Bats are dying in extremely high numbers. There has been a 93% decline in the Little Brown Bat population – (99% of little brown bats in Virginia). Over 5.7 million bats have been estimated to have died as a result of this disease, which continues to spread.
The most reliable predictor of mortality rates in WNS sites appears to be humidity. Indiana bats are dying rapidly in humid sites and are not dying as quickly in dry ones. The prevalence of WNS varies between species and sites. It is spreading quickly in all directions. Mortality is associated with the fungus Pseudogymnoascus destructans. The fungus attacks the exposed skin of bats while they hibernate, resulting in dehydration, unrest, and increased activity. These affected bats quickly burn through stored energy and often die in caves and mines where they hibernate.
White-Nose Syndrome is extremely bad for bats. (Please visit: https://www.whitenosesyndrome.org/static-page/how-you-can-help to learn out how you can help out bats. Save the Bats!!)
(Information and statistics for this blog post were used from the NWCOA Bat Management Professional Course and the website: https://www.whitenosesyndrome.org/ .)
We offer nice and friendly bat removal through a process called exclusion. Exclusion is where the bats are able to come out of your home and not get back in without hurting or harming them.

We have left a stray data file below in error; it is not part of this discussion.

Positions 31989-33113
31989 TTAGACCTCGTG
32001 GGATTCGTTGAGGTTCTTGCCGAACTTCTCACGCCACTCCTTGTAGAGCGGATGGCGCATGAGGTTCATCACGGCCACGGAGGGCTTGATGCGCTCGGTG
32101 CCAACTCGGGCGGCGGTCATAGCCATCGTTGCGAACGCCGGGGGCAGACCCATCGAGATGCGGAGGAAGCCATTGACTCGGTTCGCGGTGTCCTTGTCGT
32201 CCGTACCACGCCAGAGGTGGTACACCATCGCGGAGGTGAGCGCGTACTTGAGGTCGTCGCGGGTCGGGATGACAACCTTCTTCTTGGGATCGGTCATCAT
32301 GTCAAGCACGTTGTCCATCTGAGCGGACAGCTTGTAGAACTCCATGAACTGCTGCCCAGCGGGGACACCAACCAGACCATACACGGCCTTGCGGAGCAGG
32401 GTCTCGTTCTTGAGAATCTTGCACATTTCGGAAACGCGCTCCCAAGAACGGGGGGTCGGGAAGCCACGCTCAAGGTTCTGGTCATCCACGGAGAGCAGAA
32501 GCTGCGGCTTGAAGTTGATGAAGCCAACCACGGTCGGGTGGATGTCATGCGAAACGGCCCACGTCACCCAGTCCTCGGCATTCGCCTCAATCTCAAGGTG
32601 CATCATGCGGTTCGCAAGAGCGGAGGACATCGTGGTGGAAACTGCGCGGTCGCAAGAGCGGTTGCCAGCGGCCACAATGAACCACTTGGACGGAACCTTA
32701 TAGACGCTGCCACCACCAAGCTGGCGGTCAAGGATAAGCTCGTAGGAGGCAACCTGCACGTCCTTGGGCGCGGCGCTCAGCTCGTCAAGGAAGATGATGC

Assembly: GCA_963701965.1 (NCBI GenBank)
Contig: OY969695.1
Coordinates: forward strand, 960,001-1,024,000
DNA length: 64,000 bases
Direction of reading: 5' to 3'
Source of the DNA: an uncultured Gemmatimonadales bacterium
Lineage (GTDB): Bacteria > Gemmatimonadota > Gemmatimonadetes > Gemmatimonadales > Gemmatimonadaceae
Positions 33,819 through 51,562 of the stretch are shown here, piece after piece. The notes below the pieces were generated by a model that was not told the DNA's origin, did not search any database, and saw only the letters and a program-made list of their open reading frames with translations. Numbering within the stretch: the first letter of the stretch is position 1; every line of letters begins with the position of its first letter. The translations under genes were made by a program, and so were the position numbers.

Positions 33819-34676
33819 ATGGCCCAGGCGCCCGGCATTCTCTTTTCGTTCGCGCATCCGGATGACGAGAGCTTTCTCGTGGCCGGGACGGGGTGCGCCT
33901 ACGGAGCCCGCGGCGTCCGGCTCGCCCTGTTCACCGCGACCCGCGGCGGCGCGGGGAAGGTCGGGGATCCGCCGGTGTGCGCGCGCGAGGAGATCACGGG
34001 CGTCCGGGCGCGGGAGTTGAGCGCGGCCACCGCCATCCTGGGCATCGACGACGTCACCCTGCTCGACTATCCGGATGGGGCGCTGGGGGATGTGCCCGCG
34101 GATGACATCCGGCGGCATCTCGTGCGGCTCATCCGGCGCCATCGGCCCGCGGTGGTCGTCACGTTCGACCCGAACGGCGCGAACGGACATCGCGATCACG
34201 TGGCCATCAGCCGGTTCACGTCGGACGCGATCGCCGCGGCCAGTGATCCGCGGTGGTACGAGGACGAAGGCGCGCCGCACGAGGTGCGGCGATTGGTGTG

Dealing with a bat infestation may be one of the most difficult problems when owning a home but how and when a person should deal with the bat guano, can also be a difficult decision.
With a properly insulated and ventilated home, you’ll be able to manage and mitigate excess heat and humidity more effectively and help extend the life of your home.
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If I Found A Bat In My Home, Should I Test It?
Yes, the CDC recommends that you should always test bats that are in your house and that you catch.
Do I Need A Rabies Shot?
The Center for Disease Control (CDC) is very clear when addressing rabies. “Recent data suggest that transmission of the rabies virus can occur from minor, seemingly unimportant, or unrecognized bites from bats… Rabies post-exposure prophylaxis is recommended for all persons with [a possible] bite, scratch, or mucous membrane exposure to a bat unless the bat is available for testing and is negative for evidence of rabies.”